When one sets the permaculture goal, one creates a fundamental goal of the system that engages the values of earth care, people care and resource share.

I’ve followed many a permaculture blog since starting this blog and completing the PDC. I’ve found myself being exposed to thousands of little “solutions;”  thousands of little elements that supposedly fit within a larger permaculture project.  I’m not sure if it”s the blogging or facebooking writing framework or the biases of our culture that encourages these little solution snippets but we seem to be stuck on describing these least effective ways of effecting the system rather than the higher level ones.

The model Fritz presents starts with the vision and current reality and then presents three stages of the creative cycle, germination, assimilation and completion. The PDC process I participated in emphasized vision and current reality and then presented a ton of information but really didn’t present the “how to” of the process of germination, assimilation or completion.  As this blog continues to explore permaculture beyond the garden I hope I can find more resources that focus on these creative stages.  Or maybe I can create them myself.

Have you seen other permaculture design resources that focus on these aspects?

See also Moving from Patterns to Details part 2

Permaculture Goal Setting


Wow, Its been almost a month since I last posted.

I mentioned that a new PDC would be starting in the Atlanta area. I signed up and went to my first session last weekend. Both the information provided and information format exceeded my expectations. I find it really to be part of a group discussion as I move thru the permaculture concepts.

One thing that struck me was our discussion of the process of setting the goals for your permaculture design.

The leaders presented a framework where there was:

  • a natural landscape goal
  • a social landscape goal
  • an economic landscape goal and
  • an internal landscape goal

All of these combined to form the overarching summary goal for the project.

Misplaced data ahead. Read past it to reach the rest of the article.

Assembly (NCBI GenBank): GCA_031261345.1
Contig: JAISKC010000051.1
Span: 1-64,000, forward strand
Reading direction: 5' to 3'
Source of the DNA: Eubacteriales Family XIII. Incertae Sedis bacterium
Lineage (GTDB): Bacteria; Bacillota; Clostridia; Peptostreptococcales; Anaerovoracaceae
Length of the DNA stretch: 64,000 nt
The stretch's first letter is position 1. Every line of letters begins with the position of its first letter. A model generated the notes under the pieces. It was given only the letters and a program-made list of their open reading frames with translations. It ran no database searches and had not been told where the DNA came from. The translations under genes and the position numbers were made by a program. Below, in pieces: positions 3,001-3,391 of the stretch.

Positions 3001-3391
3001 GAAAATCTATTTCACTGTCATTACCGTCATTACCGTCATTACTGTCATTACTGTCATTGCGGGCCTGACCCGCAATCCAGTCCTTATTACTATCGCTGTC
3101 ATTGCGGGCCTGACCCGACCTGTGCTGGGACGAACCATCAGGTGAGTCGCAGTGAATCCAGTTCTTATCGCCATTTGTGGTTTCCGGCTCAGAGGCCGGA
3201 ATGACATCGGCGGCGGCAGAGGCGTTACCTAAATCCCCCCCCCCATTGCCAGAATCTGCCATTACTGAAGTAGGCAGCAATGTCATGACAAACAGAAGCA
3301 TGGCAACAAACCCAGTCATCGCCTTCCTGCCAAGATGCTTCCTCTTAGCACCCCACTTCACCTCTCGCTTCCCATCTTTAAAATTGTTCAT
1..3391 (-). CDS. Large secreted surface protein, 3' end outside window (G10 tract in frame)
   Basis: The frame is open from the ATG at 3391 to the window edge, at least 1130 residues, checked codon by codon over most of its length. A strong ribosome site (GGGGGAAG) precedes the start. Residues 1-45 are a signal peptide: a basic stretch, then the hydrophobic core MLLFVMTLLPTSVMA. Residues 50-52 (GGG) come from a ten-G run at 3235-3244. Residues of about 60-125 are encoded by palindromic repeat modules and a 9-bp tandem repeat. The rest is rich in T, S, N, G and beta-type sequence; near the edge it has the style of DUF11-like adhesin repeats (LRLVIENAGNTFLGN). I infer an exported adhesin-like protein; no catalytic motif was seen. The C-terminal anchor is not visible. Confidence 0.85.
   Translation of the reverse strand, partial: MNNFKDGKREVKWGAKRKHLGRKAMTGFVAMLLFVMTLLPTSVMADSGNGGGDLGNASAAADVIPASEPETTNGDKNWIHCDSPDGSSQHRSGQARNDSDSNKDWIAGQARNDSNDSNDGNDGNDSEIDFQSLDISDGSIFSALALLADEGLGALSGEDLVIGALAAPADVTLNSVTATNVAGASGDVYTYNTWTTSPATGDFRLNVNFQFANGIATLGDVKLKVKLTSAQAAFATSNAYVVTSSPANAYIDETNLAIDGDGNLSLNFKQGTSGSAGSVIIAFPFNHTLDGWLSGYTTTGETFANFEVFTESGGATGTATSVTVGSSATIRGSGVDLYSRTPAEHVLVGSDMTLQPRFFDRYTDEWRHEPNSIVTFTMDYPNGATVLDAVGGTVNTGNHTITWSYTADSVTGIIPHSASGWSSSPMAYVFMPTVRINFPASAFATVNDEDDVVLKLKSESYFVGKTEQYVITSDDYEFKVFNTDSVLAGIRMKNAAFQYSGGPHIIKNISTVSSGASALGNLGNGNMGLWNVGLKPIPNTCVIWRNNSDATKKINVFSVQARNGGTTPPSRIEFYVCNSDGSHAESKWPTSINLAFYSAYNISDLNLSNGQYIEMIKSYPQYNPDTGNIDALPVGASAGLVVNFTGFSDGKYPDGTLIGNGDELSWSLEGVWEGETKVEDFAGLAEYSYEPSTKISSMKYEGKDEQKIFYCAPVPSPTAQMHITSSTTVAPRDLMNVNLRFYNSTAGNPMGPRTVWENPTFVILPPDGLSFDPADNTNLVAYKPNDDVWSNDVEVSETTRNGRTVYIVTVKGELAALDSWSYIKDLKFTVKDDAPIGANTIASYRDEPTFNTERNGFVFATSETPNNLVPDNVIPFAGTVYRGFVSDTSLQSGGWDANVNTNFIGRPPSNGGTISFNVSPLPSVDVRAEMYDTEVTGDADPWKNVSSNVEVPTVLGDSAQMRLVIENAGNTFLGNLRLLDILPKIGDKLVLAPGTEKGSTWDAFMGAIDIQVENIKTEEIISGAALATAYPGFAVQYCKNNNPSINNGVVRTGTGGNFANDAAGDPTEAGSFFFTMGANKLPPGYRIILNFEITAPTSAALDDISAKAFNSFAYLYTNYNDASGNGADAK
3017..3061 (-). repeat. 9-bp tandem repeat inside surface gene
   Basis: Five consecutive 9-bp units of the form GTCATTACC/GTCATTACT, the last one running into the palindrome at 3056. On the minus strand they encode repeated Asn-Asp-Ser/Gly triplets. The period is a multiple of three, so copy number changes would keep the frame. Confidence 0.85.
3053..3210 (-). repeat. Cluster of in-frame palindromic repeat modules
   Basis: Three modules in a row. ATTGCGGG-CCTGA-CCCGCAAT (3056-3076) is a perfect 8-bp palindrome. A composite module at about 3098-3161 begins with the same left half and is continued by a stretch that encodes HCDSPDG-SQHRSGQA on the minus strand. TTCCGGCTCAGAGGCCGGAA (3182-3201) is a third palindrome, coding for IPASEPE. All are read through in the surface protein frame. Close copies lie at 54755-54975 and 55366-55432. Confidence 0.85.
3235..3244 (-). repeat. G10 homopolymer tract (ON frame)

The natural landscape goal reflected the commitment to the earth share permaculture ethic.  The social , economic and internal landscape goals reflected the commitment to the people care permaculture ethic.  Although the resource share ethic was not specifically reflected by a goal, the thinking was that resource share would be reflected through the process of actually completing the permaculture design.

What struck me was how relevant this same process is to other enterprises not typically viewed as a gardens, such as businesses, marriages, community groups or creative projects. The premise of Machelle Small Wright’s book Co-Creative Science is that anything that has order, organization and life vitality is nature. And that a garden is a working partnership between nature and human beings.

“From nature’s perspective , a garden is any environment that is initiated by humans, given its purpose, definition and direction by humans and maintained with the help of humans….

Nature does not consider the cultivation of a plot of land as the criteria for a garden.  nature considers a garden to exist where ever humans define, initiate and interact with form to create a specialized environment….

The laws and principles that nature applies in the co-creative vegetable garden are equally applicable to any kind of garden whether it is growing in soil or otherwise…. ”  

Co-Creative Science pages 21 and 22

I hope to use these goal setting methods in more than just my permaculture projects.

Maybe I need to change the tagline of this blog to something other than “Permaculture concepts beyond the garden”

Waste Not Want Not

Scrap Cardboard from Watts Up

As a child, I was discouraged from creating waste.  I was told not to waste food; I should not to take any more food than I would eat.  I shouldn’t  cook more than I would eat. I was told to turn out lights when I left a room. I was encouraged not to waste paper, not to buy a lot of clothes, not to use a lot of resources. I brought that thinking to my permaculture practice.